Swiss Plastics Association defends plastic bags

Dr. Ernesto Engel, director of the Swiss Plastics Association, speaks out on WRS World Radio against plastics bags ban motion.

The director of the Swiss Plastics Association Dr. Ernesto Engel recently spoke out on WRS World Radio when he supported the use of plastic bags following a motion made by an MP for their ban in Switzerland.

Swiss MP Mr. Daburman called for a national ban on plastic bags shortly after parliamentary approval of their ban in Canton Jura, a rural area in the north west of the country, and follow in the footsteps of countries such as China, Australia and France.

Dr. Ernesto spoke during prime time and said: "I am against the ban because the arguments brought forward are either wrong or not appropriate for the situation in Switzerland.”

Dr. Ernesto had three main arguments opposing the MP’s views. He challenged conceptions about society’s use of plastic bags, energy recovery from incineration as opposed to landfill, and the ecological impact of modern popular alternatives to the plastic bag.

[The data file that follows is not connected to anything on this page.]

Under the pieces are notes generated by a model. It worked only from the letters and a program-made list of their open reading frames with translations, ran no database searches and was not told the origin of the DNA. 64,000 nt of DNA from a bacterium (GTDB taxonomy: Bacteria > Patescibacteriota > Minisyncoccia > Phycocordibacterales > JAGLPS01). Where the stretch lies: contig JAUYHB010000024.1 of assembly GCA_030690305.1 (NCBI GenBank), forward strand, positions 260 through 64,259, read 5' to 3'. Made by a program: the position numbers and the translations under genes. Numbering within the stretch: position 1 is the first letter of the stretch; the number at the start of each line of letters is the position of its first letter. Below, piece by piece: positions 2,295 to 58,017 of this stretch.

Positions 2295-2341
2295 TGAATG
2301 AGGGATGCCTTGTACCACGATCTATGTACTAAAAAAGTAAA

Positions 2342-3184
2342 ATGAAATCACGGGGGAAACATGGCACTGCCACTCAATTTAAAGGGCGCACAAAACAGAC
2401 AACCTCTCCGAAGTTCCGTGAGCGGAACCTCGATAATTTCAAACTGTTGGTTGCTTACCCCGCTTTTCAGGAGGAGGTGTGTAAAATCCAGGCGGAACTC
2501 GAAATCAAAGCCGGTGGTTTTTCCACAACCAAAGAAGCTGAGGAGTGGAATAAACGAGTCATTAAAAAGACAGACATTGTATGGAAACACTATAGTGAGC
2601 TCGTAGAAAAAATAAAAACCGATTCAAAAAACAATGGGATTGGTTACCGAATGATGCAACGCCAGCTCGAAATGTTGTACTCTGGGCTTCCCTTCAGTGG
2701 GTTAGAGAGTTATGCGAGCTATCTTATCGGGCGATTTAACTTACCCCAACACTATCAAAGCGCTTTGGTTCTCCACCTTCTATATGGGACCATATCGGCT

"Plastic bags cannot be reused? Plastics bags are indeed reused on a regular basis. I’m pretty sure that most of us keep plastic bags stowed somewhere in their kitchen to reuse them for various purposes such as our next shopping tour or to pack the picnic in the rucksack when we go hiking,” he said.

Dr. Ernesto opposed arguments about plastic bags ending up in landfill by stating the fact that Switzerland does not have landfill as it incinerates all of its waste to produce energy. "By replacing oil and gas and generating energy and heat you have an energy recovery.”

His final point concerning the use of alternatives to plastic bags discussed the use of lifecycle analysis to fully understand a product’s ecological impact: an area that PlasticsEurope is pioneering:

"Lifecycle analysis such as the one carried out by EMPAR are a valuable tool to make a sound evaluation and this particular study points out that the ecological impact of bags is largely determined by the resources required to produce the bags. The production of fabric bags requires a lot more resources to produce than a plastic bag.”

Dr. Enesto’s interview

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